The Walk

“He said walk like a man, Talk like a man, Walk like a man my son…” [6]

My father never taught me to walk like a man. I taught myself over the years of my transition in order to normalise and realign my traits from female to male, and to inhabit my self-fashioned manhood through signifiers. My “male” walk was taught to me by a friend who described it as walking with weights in your groan. Men spread their legs, he advised, to take up space. I occupy a relatively unique position, in that my histories influence my perspective and my subjectivity. As I walk in my embodied male gender the lay of the land opens up for me in specific ways that allow me to take up more space, which it would not have done for my female gendered embodiment of sixteen years ago. This experience is supported by trans* writer James St. James, “I was being treated better by everyday America because people were reading me as a young, white, straight (?!) male. And I recognized many new privileges that came my way because of it.” [7] In place and space I perform male and are therefore defined and privileged by my manhood.

The hand shake

“I look like a woman and feel like a man!” [8]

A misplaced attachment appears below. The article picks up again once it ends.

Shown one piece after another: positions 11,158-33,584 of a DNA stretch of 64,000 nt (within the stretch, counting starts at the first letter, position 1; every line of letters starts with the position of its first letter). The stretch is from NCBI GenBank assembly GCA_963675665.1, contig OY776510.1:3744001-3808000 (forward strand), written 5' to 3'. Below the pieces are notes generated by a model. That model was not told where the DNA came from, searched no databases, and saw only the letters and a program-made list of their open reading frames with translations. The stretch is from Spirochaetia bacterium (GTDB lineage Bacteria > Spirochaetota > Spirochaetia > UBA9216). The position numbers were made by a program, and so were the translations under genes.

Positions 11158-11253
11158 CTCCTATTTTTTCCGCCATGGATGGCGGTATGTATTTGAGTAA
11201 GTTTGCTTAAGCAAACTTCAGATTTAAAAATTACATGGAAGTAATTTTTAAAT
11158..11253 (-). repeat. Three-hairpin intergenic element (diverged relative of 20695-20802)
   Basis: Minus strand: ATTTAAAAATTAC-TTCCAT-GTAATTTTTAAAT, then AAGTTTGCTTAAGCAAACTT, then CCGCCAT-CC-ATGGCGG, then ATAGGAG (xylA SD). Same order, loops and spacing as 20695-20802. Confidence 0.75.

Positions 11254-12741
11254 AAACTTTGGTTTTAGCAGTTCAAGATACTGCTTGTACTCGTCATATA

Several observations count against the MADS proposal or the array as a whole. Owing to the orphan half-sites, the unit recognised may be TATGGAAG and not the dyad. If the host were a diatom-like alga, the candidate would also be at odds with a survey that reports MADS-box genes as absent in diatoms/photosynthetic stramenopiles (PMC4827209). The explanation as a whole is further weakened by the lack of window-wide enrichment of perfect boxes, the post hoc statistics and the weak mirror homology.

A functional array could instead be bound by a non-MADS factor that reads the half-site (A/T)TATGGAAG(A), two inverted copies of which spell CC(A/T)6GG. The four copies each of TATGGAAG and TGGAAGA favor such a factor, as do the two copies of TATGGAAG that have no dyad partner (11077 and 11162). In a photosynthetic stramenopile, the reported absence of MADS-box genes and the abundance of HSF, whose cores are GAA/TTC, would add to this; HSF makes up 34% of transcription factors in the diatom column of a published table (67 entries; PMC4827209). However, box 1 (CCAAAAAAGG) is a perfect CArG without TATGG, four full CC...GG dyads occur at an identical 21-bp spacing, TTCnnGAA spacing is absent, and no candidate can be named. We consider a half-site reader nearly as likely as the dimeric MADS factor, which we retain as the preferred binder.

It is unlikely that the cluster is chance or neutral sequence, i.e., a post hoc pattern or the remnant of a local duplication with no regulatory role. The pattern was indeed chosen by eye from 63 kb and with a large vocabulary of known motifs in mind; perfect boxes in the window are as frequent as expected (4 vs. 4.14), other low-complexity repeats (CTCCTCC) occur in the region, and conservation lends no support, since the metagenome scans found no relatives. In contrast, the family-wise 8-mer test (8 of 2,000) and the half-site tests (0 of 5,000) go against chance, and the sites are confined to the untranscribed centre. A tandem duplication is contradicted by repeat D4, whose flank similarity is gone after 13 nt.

In my previous subjectivity as “woman” I was never presented with a need to negotiate a handshake,. not even when I was presenting as a female masculine body in a formal space. However as soon as I started to present as “male” I was confronted by a handshake at every greeting. This is evident when walking into a room on a daily basis. This custom changes due to the formality and context of the meeting. If I am accompanied by my male partner whilst in corporate attire, and bump into a colleague, the equalizing/acknowledging handshake is replaced with an informal nod and hello, casting me as “other”, an outsider, the polluted body. [9] After transitioning my hand shake was criticised for a lack of power, not manly enough, interview techniques taught me to make eye contact and give a firm “manly” handshake.

The shave

Feeling like a woman, looking like a man.” [10]

image004Fig 2: Woman Shaving Her Leg by George Segal. [11]

As a woman who played sports I shaved my legs and arm pits every couple of days, these customs were removed as I transitioned to male. I no longer shave my legs or my arm pits, but as a man the razor has moved from the legs and underarms to the face.